High Hopes

High Hopes ★★★★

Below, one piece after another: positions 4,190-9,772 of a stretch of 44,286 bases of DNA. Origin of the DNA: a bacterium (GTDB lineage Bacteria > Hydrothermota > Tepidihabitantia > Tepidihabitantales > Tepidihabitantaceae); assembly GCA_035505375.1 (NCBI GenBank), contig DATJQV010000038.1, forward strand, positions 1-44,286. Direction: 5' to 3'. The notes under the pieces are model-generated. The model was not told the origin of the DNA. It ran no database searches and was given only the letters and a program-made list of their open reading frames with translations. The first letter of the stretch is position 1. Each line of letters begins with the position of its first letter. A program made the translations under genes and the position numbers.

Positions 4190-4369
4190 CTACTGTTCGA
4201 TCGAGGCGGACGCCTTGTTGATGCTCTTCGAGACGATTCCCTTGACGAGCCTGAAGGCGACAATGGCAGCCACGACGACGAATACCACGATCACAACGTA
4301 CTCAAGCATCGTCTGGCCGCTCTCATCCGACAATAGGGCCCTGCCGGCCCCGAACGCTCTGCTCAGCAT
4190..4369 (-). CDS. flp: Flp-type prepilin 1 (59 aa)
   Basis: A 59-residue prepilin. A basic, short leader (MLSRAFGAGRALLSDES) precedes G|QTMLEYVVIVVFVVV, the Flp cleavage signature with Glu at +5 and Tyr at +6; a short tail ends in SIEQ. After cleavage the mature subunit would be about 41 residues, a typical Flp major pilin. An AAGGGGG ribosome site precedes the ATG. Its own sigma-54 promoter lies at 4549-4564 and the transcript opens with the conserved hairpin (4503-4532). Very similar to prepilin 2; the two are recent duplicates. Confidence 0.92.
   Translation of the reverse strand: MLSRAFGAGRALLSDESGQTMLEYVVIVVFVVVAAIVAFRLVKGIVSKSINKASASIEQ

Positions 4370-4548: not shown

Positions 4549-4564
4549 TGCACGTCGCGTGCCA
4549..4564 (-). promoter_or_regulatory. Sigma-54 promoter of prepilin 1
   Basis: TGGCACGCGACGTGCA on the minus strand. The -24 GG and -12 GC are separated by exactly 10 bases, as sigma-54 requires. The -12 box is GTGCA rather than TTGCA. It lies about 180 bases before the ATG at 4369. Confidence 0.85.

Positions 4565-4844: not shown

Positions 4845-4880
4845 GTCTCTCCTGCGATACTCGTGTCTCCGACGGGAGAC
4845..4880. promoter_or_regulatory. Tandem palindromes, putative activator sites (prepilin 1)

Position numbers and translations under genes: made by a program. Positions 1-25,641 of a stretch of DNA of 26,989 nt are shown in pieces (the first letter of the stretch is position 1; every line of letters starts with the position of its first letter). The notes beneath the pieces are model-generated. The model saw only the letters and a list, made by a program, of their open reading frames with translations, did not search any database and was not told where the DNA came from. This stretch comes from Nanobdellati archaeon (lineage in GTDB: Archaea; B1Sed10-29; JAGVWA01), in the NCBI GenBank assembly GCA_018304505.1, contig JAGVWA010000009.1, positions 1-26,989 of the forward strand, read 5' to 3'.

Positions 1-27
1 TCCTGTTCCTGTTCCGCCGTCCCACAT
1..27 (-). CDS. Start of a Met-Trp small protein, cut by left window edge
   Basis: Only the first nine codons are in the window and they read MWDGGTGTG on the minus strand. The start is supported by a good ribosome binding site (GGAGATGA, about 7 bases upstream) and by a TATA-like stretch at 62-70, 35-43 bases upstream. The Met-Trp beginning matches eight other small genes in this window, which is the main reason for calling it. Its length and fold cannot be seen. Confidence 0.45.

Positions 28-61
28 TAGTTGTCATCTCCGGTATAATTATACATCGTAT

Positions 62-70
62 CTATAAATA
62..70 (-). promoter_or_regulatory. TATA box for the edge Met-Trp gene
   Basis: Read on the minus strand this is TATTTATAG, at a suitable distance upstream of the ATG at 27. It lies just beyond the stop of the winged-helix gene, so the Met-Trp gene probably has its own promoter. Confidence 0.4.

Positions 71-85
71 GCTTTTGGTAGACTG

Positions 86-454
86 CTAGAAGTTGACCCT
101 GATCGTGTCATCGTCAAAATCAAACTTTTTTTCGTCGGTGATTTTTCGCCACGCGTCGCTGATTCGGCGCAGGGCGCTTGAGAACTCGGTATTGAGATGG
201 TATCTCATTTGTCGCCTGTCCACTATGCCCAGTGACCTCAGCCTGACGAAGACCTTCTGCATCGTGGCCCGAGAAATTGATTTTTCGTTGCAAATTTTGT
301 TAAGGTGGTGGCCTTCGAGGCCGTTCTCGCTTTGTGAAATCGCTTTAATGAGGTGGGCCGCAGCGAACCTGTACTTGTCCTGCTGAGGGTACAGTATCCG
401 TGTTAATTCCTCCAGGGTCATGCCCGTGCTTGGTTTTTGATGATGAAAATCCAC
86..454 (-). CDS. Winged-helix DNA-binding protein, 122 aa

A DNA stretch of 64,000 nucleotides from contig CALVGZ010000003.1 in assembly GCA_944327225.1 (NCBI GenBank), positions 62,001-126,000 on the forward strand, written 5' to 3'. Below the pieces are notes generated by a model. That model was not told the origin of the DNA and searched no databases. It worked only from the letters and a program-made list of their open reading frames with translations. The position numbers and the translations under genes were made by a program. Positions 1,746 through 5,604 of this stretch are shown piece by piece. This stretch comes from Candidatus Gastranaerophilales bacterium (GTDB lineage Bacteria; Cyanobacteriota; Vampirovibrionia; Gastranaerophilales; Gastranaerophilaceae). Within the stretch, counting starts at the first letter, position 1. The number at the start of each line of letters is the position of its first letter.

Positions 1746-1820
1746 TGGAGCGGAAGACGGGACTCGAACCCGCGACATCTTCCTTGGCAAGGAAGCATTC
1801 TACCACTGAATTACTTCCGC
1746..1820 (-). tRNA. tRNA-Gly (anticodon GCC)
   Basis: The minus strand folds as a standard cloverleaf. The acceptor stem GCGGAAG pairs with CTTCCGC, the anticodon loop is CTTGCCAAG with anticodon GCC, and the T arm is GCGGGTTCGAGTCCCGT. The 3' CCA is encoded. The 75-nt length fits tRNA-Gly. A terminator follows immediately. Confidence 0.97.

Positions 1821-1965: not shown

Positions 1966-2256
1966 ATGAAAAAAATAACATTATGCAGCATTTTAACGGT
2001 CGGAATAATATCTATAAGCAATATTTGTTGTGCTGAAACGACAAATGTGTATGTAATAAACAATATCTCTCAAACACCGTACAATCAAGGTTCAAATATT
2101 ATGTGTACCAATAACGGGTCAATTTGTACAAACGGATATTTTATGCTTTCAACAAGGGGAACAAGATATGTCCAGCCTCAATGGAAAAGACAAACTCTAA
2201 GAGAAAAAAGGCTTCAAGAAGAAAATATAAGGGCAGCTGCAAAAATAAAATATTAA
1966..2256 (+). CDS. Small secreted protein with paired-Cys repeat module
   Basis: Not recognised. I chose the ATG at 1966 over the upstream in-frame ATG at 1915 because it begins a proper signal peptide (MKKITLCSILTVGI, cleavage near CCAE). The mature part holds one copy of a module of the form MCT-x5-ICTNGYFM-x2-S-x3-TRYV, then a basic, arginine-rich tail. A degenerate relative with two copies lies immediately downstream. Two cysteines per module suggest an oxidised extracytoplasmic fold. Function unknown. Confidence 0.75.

The thing about viewing – and then writing about – one Mike Leigh film after another is that it's easy to make what he does start to sound the same. And while there's similarities with much of his work (take out 'Topsy-Turvy' and 'Peterloo', and you could pretty much just edit all his films together into an epic patchwork of life in the UK over the past 50 years), each film still manages to stick out on its own. In the wake of this last disastrous election, it's perfect timing to re-watch 1988's 'High Hopes', as one of its main characters is the stubbornly old-school socialist Cyril (Phil Davis), who struggles with Thatcher's cut-throat Britain. Best of all, though, is Ruth Sheen as Shirley (but really, she's always amazing, especially with Leigh), a kind-hearted Londoner who holds together a rag-tag community in and around Kings Cross including Cyril's nutbar sister and elderly, closed-off Mother. They may be lower class with grim-looking prospects, but there's a moment on a rooftop with Mum, Shirley and Cyril that's one of Leigh's best and most re-affirming. Overlooking the soot and smoke of the train tracks and interchanges below, no matter how dire things may seem this motley crew is still on "top of the world."